8th Grade, Part III:
Gold Rush Technology and the Environment
by Donna Leary
Overview and Rationale:
When the Gold Rush began, thousands of people flocked to California in pursuit of fortune. This influx of gold seekers brought innumerable changes to the region, formerly inhabited primarily by Native Americans and Mexicans.
As "the world rushed in" to California, miners developed and used a variety of technologies. Experts today look with amazement at the scale of technology during the Gold Rush. Some mining methods during the Gold Rush had a greater impact on the environment than others. For example, hydraulic mining exacted a great toll on the environment, contrasted with the use of the cradle or rocker.
It is important that students look at advances in technology and realize that with advancements there are both positive and negative consequences. Our students need to be able to recognize these consequences in order to make informed decisions for the future. The Gold Rush is a good event to study in terms of technology's effect on the environment. It set a precedent for dealing with other, later environmental issues in California in such areas as agriculture, oil and water.
How did mining technology advance as a result of the Gold Rush? What impact did this have on the environment and on how people lived and worked?
"The Divergent Paths of the American People: 1800-1850" of the California Framework looks at the region of the West and its influence on the nation. "Students should be encouraged to view historical events empathetically as though they were there, working in places such as the mines." In addition, as a part of geographic literacy, teachers are encouraged to help students explore "the ways people and environments interact in the human modification of the landscape."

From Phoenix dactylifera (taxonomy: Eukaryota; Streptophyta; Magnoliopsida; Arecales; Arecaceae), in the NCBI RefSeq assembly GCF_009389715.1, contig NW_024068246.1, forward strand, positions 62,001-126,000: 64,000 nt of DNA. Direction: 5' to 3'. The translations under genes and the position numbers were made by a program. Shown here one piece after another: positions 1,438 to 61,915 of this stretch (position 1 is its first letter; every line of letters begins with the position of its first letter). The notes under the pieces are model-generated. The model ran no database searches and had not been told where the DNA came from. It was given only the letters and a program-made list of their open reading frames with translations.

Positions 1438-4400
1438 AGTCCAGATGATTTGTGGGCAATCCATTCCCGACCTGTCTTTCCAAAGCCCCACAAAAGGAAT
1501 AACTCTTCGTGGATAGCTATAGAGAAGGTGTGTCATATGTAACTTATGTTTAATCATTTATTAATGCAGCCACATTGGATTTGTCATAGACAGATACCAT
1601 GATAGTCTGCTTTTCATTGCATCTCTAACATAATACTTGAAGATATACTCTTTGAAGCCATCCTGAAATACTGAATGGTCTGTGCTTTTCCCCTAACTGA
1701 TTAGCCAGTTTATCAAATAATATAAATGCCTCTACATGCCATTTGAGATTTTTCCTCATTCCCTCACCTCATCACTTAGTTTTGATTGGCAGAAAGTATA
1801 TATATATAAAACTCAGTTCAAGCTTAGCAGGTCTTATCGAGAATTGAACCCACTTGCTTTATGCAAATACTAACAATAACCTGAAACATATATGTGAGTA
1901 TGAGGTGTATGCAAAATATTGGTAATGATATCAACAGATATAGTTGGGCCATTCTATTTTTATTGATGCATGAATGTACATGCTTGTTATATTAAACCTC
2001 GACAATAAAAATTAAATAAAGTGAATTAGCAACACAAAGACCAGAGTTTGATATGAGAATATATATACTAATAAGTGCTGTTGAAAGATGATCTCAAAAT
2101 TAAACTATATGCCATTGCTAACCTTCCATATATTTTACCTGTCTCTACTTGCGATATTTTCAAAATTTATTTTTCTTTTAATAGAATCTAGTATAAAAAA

a. Students will examine written and visual primary sources and gather information about various technologies used to mine gold during the Gold Rush.
b. Students will assess which technologies had more impact on the environment.
c. Students will simulate a city council meeting, discussing pros and cons of a large nearby mining project. They vote on whether to approve the project.
A Brief Look at the Lesson:
Lesson 1 begins with students brainstorming about current advances in technologies. Student groups then mix and match primary source descriptions and visuals of various types of Gold Rush mining technologies. Students record their findings on a graphic organizer. The whole class then discusses possible impacts on the environment of the various technologies.
Students simulate a city council meeting, discussing a large nearby mining project from various viewpoints. The "council" then votes on whether to approve the project.
Part III, Overview